B is for ... Bell's Theorem

In 1964, John Bell came up with a way of testing whether quantum theory was a true reflection of reality. In 1982, the results came in – and the world has never been the same since!

Q is for ... Qubit

One quantum bit of information is known as a qubit (pronounced Q-bit). The ability of quantum particles to exist in many different states at once means a single quantum object can represent multiple qubits at once, opening up the possibility of extremely fast information processing.

T is for ... Tunnelling

This happens when quantum objects “borrow” energy in order to bypass an obstacle such as a gap in an electrical circuit. It is possible thanks to the uncertainty principle, and enables quantum particles to do things other particles can’t.

A is for ... Act of observation

Some people believe this changes everything in the quantum world, even bringing things into existence.

P is for ... Planck's Constant

This is one of the universal constants of nature, and relates the energy of a single quantum of radiation to its frequency. It is central to quantum theory and appears in many important formulae, including the Schrödinger Equation.

J is for ... Josephson Junction

This is a narrow constriction in a ring of superconductor. Current can only move around the ring because of quantum laws; the apparatus provides a neat way to investigate the properties of quantum mechanics.

T is for ... Teleportation

Quantum tricks allow a particle to be transported from one location to another without passing through the intervening space – or that’s how it appears. The reality is that the process is more like faxing, where the information held by one particle is written onto a distant particle.

O is for ... Objective reality

Niels Bohr, one of the founding fathers of quantum physics, said there is no such thing as objective reality. All we can talk about, he said, is the results of measurements we make.

Q is for ... Quantum biology

A new and growing field that explores whether many biological processes depend on uniquely quantum processes to work. Under particular scrutiny at the moment are photosynthesis, smell and the navigation of migratory birds.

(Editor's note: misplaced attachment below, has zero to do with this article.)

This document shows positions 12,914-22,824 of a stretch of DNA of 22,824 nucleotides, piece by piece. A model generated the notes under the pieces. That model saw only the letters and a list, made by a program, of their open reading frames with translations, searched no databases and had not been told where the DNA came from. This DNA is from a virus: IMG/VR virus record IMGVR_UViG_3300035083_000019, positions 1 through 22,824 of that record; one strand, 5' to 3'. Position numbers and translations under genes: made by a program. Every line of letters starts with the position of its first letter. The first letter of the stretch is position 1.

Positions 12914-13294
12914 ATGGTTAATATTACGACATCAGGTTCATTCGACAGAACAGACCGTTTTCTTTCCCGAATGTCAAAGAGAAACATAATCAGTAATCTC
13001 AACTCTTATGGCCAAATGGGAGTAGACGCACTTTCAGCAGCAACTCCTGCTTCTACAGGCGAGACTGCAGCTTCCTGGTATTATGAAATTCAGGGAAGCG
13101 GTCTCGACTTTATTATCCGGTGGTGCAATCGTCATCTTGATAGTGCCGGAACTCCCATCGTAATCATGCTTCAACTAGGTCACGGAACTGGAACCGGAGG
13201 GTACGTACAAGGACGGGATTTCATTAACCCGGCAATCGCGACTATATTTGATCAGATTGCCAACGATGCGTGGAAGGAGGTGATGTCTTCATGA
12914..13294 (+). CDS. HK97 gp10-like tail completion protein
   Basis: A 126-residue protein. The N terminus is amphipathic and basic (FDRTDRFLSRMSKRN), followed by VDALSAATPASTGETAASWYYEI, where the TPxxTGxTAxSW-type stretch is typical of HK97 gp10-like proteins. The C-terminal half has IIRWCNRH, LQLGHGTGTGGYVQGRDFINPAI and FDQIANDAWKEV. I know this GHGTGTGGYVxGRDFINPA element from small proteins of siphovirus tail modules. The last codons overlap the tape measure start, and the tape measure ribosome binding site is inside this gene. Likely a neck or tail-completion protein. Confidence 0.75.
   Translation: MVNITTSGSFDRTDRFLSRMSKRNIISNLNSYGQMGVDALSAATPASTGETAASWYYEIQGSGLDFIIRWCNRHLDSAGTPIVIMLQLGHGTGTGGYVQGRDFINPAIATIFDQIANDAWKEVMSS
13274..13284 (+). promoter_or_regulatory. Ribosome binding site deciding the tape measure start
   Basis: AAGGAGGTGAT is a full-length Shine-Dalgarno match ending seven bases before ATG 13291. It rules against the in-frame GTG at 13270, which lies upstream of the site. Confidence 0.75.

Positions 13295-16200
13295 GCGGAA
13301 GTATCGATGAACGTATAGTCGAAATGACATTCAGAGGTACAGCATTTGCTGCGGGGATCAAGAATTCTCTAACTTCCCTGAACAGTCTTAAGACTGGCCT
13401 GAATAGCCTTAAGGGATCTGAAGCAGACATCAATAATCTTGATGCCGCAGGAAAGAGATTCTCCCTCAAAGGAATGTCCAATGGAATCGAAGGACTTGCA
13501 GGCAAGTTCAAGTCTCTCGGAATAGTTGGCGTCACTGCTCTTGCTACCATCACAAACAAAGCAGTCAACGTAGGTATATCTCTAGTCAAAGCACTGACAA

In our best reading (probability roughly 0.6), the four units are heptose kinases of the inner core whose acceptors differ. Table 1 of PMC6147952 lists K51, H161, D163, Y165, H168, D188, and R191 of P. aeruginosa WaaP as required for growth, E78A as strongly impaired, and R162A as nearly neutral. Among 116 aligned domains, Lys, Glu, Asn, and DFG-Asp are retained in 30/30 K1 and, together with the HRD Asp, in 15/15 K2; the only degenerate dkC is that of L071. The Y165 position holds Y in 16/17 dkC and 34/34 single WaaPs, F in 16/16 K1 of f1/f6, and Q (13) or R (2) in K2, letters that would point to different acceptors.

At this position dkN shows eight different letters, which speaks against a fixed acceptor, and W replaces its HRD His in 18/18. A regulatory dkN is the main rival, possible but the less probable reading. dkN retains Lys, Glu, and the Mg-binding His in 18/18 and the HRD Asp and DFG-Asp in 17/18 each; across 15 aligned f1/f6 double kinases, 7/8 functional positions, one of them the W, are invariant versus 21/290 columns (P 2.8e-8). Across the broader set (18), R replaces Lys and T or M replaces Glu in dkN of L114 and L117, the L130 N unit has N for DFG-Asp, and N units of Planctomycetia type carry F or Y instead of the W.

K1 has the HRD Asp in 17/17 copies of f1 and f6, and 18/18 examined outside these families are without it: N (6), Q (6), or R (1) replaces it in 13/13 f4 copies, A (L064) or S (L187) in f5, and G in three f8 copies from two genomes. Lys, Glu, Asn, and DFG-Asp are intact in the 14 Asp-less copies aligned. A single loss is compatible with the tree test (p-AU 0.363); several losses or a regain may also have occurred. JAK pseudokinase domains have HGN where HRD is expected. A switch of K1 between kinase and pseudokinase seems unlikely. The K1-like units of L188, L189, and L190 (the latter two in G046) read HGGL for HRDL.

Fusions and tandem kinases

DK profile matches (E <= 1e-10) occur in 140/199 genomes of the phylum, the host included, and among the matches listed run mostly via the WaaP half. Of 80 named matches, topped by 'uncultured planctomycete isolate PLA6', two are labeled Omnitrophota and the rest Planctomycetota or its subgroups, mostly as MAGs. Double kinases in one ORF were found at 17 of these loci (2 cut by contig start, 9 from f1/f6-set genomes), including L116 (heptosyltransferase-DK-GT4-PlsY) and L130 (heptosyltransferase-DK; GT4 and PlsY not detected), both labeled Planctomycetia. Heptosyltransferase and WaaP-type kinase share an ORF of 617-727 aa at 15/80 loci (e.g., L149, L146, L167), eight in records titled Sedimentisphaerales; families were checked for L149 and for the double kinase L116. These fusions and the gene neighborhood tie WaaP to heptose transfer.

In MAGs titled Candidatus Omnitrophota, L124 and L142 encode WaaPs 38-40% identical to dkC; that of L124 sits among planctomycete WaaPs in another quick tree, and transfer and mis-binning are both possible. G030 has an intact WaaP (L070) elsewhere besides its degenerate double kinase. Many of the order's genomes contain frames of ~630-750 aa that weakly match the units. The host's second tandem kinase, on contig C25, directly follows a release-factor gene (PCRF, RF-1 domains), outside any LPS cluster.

U is for ... Universe

To many researchers, the universe behaves like a gigantic quantum computer that is busy processing all the information it contains.

G is for ... Gravity

Our best theory of gravity no longer belongs to Isaac Newton. It’s Einstein’s General Theory of Relativity. There’s just one problem: it is incompatible with quantum theory. The effort to tie the two together provides the greatest challenge to physics in the 21st century.

C is for ... Cryptography

People have been hiding information in messages for millennia, but the quantum world provides a whole new way to do it.

F is for ... Free Will

Ideas at the heart of quantum theory, to do with randomness and the character of the molecules that make up the physical matter of our brains, lead some researchers to suggest humans can’t have free will.

D is for ... Decoherence

Unless it is carefully isolated, a quantum system will “leak” information into its surroundings. This can destroy delicate states such as superposition and entanglement.

W is for ... Wavefunction

The mathematics of quantum theory associates each quantum object with a wavefunction that appears in the Schrödinger equation and gives the probability of finding it in any given state.

N is for ... Nonlocality

When two quantum particles are entangled, it can also be said they are “nonlocal”: their physical proximity does not affect the way their quantum states are linked.